“Marami kasi ‘don ay hindi sila ganong ka receptive sa information, kasi in the first place yung information mismo [...] hindi siya [established] na parang from [a reliable source] nga mismo. Ang dami ng doubts pagdating na sa mga outskirts. Pagdating na sa mga margins mas [mahirap] lalo kasi di sila naabot ng information. At the same time, may iba’t ibang paniniwala sila,” Ledesma explained.
(A lot of people in far-flung areas aren’t receptive to certain information because in the first place, the information itself [...] at times doesn’t seem reliable. Too much doubt comes when it reaches the outskirts, and having them reach certain margins is difficult since they’re further away. At the same time, they may have their own beliefs.)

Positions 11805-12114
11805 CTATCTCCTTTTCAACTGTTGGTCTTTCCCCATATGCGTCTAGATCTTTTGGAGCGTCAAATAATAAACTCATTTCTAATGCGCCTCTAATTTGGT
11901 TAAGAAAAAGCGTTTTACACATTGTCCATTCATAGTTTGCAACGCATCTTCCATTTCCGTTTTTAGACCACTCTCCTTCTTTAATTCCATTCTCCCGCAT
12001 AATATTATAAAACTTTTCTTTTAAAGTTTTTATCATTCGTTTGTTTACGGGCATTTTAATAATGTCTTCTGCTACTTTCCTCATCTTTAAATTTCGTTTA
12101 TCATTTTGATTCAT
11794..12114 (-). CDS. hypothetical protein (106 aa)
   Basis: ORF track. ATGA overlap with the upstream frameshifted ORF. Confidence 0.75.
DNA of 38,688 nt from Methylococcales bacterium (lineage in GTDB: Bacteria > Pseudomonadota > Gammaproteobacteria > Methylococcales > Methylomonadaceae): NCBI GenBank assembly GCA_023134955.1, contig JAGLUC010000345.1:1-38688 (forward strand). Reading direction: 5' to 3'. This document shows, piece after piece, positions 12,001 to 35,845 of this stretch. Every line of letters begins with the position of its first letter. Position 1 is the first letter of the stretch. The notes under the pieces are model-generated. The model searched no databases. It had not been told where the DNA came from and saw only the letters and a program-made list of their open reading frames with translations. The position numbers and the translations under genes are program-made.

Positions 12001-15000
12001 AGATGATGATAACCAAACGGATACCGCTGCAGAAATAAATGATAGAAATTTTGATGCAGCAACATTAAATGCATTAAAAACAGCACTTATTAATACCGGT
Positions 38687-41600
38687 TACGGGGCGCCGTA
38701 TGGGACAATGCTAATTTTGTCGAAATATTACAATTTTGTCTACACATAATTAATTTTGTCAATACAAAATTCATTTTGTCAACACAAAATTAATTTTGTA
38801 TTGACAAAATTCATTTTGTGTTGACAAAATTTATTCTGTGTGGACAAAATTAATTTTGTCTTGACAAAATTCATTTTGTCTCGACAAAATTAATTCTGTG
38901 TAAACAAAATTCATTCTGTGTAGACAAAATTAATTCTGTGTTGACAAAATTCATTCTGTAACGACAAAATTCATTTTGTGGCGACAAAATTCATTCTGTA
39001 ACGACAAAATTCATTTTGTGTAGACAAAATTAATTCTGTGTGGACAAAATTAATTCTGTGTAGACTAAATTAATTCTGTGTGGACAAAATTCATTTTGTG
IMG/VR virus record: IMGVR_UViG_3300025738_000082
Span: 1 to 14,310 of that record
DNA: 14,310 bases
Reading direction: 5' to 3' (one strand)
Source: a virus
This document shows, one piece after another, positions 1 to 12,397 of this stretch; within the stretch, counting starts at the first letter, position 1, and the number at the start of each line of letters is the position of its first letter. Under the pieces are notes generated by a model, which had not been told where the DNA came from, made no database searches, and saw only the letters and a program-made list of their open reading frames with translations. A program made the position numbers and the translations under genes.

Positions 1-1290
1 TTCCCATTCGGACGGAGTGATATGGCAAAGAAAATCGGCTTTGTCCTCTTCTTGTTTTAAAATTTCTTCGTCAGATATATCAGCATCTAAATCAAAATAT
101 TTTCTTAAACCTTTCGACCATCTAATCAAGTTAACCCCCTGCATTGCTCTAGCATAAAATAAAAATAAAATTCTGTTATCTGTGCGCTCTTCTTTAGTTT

Ledesma continued that “Yung makakain po or ma-a-absorb ng mga tao kasi, iba’t iba naman yung pag-absorb natin. Iba-iba naman yung, let’s say [the information’s] ‘palatability’ [or what they deem as beneficial] yung pag-absorb, yung pag-digest ng mga tao in terms of this information (how people consume or absorb such information is different from one another. Their, let’s say the information’s ‘palatability’ for them, and how they absorb and digest differs).”
Given these, Cortez affirmed that it was not difficult to fact-check per se. Instead, the challenge is keeping-up with the amount of disinformation that plagues social media.
Emphasizing how it’s “not the media’s job to “catch-up,” Cortez recalled how difficult it was to cover mining communities due to heightened military presence and how significant files may be missing from the websites of the Department of Environment and Natural Resources (DENR) and the like.